Armenian Genocide Resolution: President Obama and the price of moral courage
The Armenian Genocide Resolution passed by a House committee last week merely asks Obama to tell the truth. Given Turkey’s strategic importance, that will be hard to do.
A resolution approved by the House Foreign Affairs Committee last week, in recognizing the Armenian Genocide, asks the Obama administration to endorse history at the risk of insulting a needed ally. The passing of House Resolution 252 introduces a new dynamic into the State Department’s hopes for “normalization” of relations between Armenia and Turkey.Skip to next paragraph
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The Armenian Genocide is marked as beginning April 24, 1915. On the 94th anniversary last year, President Obama decried the “great atrocities” – but defied his own campaign promise by following the precedent of other modern presidents and stopping short of using the word “genocide.”
HR 252 calls on the president to use the annual April 24 message “to accurately characterize the systematic and deliberate annihilation of 1.5 million Armenians as genocide and to recall the proud history of United States intervention in opposition to the Armenian Genocide.”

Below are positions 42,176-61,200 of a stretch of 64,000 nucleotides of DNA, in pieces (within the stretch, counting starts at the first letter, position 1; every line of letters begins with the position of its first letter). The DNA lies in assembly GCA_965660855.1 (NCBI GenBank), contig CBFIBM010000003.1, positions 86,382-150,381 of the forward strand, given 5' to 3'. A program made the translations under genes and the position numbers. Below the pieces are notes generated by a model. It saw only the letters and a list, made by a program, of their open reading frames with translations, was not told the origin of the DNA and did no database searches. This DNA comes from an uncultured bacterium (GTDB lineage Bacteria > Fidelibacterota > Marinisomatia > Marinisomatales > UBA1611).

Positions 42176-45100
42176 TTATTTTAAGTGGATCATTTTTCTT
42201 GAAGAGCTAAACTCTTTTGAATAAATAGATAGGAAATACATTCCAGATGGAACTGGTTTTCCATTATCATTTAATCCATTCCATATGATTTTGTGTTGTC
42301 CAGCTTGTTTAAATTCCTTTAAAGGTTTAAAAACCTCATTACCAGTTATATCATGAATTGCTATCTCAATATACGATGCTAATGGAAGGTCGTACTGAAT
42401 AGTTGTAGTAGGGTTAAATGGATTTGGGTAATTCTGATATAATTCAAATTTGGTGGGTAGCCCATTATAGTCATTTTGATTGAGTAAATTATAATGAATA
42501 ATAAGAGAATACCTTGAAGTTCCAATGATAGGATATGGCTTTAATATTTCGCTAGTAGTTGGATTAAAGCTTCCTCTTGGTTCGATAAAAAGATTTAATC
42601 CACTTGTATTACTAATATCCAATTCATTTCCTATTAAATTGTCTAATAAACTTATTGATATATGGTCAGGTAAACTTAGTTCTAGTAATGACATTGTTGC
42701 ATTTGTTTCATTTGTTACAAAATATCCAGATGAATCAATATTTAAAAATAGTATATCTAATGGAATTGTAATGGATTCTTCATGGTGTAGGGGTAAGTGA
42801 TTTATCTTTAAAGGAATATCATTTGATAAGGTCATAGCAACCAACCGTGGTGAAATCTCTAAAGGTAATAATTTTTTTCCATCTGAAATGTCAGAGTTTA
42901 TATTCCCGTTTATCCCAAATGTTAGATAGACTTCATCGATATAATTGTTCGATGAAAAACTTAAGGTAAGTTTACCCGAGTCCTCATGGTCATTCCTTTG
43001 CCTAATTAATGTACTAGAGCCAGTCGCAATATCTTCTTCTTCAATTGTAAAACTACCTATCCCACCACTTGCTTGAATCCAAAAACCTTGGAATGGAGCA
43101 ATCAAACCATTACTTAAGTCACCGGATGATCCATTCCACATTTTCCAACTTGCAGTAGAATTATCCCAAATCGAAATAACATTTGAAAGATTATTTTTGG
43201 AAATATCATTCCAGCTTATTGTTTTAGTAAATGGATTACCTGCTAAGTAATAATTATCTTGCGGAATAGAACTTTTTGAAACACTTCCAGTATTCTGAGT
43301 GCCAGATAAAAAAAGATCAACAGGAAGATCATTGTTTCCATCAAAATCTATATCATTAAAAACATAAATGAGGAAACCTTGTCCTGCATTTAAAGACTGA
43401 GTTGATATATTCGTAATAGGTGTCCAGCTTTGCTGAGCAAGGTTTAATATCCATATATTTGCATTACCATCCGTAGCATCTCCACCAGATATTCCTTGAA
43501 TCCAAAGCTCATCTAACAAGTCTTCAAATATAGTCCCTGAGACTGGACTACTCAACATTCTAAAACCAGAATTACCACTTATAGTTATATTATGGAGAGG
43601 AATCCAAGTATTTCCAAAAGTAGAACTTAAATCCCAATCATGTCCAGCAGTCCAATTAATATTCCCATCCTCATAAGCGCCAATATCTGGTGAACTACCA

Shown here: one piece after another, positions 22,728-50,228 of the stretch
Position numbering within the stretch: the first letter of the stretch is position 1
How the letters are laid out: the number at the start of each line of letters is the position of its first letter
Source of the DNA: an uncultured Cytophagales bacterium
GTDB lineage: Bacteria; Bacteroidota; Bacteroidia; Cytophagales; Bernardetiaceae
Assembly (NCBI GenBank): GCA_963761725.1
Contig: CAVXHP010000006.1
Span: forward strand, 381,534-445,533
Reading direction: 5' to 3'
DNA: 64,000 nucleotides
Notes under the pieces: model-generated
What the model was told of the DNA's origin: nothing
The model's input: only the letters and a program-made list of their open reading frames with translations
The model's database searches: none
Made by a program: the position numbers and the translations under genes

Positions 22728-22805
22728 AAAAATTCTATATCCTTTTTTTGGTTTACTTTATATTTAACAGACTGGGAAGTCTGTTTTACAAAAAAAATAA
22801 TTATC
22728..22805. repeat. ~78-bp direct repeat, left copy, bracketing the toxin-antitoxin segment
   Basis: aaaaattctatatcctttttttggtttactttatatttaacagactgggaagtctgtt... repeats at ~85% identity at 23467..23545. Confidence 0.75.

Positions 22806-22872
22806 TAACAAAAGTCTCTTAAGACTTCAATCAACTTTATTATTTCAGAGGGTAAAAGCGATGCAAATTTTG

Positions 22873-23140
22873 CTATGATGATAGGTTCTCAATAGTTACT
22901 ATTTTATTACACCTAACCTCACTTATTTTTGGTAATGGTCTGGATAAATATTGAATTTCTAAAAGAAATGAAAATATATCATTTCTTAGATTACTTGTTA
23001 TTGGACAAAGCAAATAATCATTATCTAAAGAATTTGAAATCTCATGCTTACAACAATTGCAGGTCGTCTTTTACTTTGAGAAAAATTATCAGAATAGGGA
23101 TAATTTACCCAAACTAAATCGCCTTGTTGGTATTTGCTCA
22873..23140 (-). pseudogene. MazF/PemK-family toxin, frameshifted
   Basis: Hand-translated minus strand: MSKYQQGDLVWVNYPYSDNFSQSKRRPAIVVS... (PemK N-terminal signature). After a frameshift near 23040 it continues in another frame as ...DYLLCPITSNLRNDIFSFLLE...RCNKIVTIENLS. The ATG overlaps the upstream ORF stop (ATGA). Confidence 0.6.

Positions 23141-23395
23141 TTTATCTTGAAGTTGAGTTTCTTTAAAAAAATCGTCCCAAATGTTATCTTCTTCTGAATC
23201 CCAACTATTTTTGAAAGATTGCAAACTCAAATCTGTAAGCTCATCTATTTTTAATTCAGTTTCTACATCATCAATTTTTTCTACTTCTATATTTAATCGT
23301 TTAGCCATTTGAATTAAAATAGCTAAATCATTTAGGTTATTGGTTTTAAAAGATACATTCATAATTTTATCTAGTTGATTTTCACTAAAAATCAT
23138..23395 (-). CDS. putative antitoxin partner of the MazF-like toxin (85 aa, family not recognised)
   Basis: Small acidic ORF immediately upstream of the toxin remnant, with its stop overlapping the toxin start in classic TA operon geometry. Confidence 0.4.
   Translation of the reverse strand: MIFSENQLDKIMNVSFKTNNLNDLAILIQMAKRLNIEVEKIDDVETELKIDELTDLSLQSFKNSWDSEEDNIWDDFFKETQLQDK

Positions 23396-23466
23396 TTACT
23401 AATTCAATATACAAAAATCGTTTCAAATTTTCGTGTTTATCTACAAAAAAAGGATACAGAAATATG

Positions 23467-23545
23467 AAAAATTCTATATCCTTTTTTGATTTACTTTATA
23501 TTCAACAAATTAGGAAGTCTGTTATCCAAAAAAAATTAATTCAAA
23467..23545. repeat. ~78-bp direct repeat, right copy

The fallout over the nonbinding resolution – Turkey withdrew its US ambassador, and its prime minister called the resolution “a comedy” – makes it most unlikely that it will either pass the full Congress or nudge President Obama to call a historical fact by its proper name next month. Indeed, the Obama administration urged the committee not to pass the measure. The letdown will further erode the trust of Armenians to whom he has become davatchan – a traitor.
Secretary of State Hillary Clinton has vowed to stop the resolution where it stands. Mrs. Clinton was the chief diplomat behind a three-country effort shared by Russia and Switzerland last October that resulted in Turkey and Armenia agreeing to try to agree, and follow a set of “protocols” intended to work out their deep differences.
The protocols meant to be a roadmap have led nowhere, as neither country has ratified them. Armenia has even gone so far as to amend its legislation on international treaties, allowing for “the suspension or termination of agreements signed by Armenia before their entry into force.” Creating a pre-emptive exit strategy from cooperation hardly portends kumbayah in the Caucasus.
Turkey (which closed its border with Armenia in 1993 in support of Muslim cousin Azerbaijan in its war over the historically Armenian enclave of Nagorno Karabakh) was the first to drag down the process, by insisting that rapprochement cannot carry on unless Armenia returns land it reclaimed from Azerbaijan. Turkey’s insistence on projecting Karabakh into the discussion brings to question whether protocol negotiators were literally on the same page.